Martyn Frampton


On his book The Muslim Brotherhood and the West: A History of Enmity and Engagement

Cover Interview of May 13, 2018

The wide angle

In examining the evolving relationship between the West and the Brotherhood from the perspective of both sides, I was conscious of the fact that my subject did not fit easily within established historiographical boxes. I tried to engage with a range of literatures. First and most obviously, I hoped to provide a new perspective on the history of the Brotherhood itself and the worldview of Islamism more broadly. In this regard, the works I aspired to emulate were those classic studies of the Brotherhood by scholars like Richard Mitchell and Brynjar Lia. The first objective I set myself with this book was to understand better the mindset of the Brothers—to comprehend how they viewed the world.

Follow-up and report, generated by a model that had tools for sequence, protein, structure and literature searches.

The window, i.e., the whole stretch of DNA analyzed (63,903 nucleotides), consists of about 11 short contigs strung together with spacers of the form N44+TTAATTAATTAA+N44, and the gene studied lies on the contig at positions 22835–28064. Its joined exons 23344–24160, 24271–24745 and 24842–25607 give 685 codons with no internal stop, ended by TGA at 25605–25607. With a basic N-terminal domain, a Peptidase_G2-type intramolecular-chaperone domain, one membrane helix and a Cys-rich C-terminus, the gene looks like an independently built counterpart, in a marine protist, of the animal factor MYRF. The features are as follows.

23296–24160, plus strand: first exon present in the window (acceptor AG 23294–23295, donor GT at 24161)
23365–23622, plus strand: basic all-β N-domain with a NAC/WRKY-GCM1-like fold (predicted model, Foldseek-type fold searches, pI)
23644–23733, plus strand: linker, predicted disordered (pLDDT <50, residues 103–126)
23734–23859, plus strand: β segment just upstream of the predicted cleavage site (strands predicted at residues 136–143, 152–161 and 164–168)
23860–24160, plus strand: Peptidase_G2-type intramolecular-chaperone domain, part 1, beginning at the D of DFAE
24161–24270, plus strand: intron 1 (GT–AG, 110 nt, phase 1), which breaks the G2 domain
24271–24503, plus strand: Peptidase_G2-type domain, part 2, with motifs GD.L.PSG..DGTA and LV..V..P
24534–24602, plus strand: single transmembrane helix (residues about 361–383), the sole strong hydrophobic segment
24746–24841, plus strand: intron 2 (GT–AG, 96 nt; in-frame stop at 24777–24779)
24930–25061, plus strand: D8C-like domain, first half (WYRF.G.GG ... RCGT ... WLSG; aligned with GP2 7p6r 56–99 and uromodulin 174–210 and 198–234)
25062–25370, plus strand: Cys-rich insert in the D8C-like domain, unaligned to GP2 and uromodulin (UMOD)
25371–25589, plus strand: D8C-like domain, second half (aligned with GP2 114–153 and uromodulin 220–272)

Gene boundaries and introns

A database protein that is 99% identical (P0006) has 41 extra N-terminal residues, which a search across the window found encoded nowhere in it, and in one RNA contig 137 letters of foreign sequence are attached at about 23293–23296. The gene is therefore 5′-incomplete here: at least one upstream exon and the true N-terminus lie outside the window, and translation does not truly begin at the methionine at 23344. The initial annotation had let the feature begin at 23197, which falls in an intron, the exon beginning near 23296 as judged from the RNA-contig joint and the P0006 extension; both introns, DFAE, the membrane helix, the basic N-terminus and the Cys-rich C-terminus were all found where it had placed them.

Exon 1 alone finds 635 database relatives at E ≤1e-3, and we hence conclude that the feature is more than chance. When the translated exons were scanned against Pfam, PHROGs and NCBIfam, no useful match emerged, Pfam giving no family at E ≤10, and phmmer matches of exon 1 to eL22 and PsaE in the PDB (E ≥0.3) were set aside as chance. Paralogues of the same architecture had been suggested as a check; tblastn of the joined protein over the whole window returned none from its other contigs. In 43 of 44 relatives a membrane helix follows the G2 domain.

Secondly, I think the book offers an insight into Anglo-American foreign policy-making towards Egypt, and in the Middle East generally, during the “long” twentieth century. One of the key themes of the book is the way in which the British and the Americans have deployed a particular “language of diplomacy” when trying to secure their interests. At the core of this is the effort to uncover, or anoint “moderates” with whom they can work, as opposed to “extremists” who were to be opposed or defeated. Reflections on the Brotherhood were usually framed with this paradigm in mind. And where once it was almost invariably classed as an “extremist” organization, latterly there have been a number of debates about its putative “moderation”. Often, these debates have involved a kind of “Kremlinology”—the attempt to delineate internal “moderates” and “extremists” within the Brotherhood. In all of this, we can learn something important about the Anglo-American method of foreign-policy making and force projection. And in this regard, my book built on important insights from scholars like Robert Holland and John Darwin (in the British context), and Matthew Jacobs and Peter Hahn (for the US). Relatedly, the book also offers a perspective on how both the British and American governments have considered ‘Islam’ in policy terms—and in so doing, builds on recent invaluable studies by William Inboden and Andrew Preston.